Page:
With Berenson behind the bench, U-M hockey has been the best thing on ice in Ann Arbor since Scotch and water.

But his time at Michigan is clearly winding down. At 77, retirement seems to beckon, but you never know.

“There’s been nothing decided,” Berenson insists.

Oh, and what of that glorious night in November 1968, when Berenson made the Flyers see red six times?

“I hit a crossbar on another one — I had 10 shots on net and then I hit a crossbar,” he said.

Image result for red berenson st. louis blues november 7 1968

Berenson pops another one in on November 7, 1968, when he scored six times against the Flyers in Philadelphia.

“Glenn Hall was (our) backup goalie, and at the end of the game, when I came off, he said ‘Good game. At least you were plus tonight.’ They didn’t give you a lot of credit,” Berenson said.

After 33 years at Michigan and over 800 wins, let credit not be overdue now.

 

NHL’s latest foray into expansion is official: behold the Golden Knights of (Las) Vegas

Published March 2, 2017

Viva Las Vegas!

Yesterday, it became official. The National Hockey League, already bursting at the seams, added its 31st team when the Vegas Golden Knights successfully completed their initiation and became a full-fledged NHL franchise.

The Golden Knights can now sign free agents, make trades and conduct all other league business as do the other 30 clubs.

For whatever reason, the Golden Knights dropped “Las” from their city’s name.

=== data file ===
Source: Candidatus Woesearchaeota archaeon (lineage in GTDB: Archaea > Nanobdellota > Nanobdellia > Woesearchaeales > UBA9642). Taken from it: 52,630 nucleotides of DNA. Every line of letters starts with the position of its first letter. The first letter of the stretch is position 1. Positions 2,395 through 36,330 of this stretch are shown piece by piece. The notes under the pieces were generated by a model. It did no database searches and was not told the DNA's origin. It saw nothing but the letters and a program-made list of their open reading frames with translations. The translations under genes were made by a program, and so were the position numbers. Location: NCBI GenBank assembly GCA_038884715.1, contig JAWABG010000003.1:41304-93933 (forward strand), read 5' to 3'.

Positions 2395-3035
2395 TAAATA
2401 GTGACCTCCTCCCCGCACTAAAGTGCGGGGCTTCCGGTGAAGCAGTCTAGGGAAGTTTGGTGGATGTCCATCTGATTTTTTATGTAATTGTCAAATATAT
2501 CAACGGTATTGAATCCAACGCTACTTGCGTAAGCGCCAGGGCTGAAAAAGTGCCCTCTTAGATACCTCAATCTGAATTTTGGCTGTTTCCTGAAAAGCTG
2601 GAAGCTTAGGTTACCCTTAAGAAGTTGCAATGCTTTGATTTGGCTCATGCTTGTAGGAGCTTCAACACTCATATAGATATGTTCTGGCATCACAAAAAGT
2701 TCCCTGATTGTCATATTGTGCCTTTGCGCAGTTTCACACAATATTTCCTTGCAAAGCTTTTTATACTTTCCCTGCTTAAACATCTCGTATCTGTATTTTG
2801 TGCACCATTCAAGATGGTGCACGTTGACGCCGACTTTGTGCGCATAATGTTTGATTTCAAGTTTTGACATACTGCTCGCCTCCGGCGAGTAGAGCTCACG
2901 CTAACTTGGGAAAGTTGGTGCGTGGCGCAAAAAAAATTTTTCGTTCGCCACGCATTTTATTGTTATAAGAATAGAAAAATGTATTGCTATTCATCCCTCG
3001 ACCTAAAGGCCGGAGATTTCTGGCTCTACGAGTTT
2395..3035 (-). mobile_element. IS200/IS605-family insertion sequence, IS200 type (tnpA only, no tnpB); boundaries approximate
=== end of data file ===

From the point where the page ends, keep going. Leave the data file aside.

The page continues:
The expansion draft will be held on June 18-20, just past the 50th anniversary of the NHL’s first, ambitious effort to balloon in 1967.

The league was a six-team, rough-and-tumble fraternity, still traveling mostly by train, 50 years ago today.

A western trip meant a game in Chicago. Teams played each other 14 times a season. That meant plenty of opportunities for bad blood and feuds to fester.

That cozy little league was turned on its ear in 1967, when the NHL doubled in size. The draft was held on June 6, 1967.

The trains were idled. Planes became the new mode of transportation, because the NHL became a coast-to-coast entity.

Los Angeles and Oakland were added. The Midwest was further represented by teams in St. Louis and Bloomington, Minnesota. Pennsylvania got two new teams, in Philadelphia and Pittsburgh.

Even the league’s color pallet exploded.

Before the ’67 expansion, NHL uniforms were various forms of brown, yellow, red and blue. That was it.

The new teams sported purple and gold and aqua and orange and baby blue and green.

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NHL’s expansion in 1967 introduced newfangled logos and colors that caused some fans to wear sunglasses to games.

Canadian hockey fans were annoyed because none of the new teams were based in their country, and hockey was Canada’s national game. Vancouver and Edmonton, especially, were seen as viable NHL cities because both towns had been longtime minor league franchises.

But it was the ownership in Montreal and Toronto who were partially to blame, because they were reluctant to cede any of their popularity in Canada.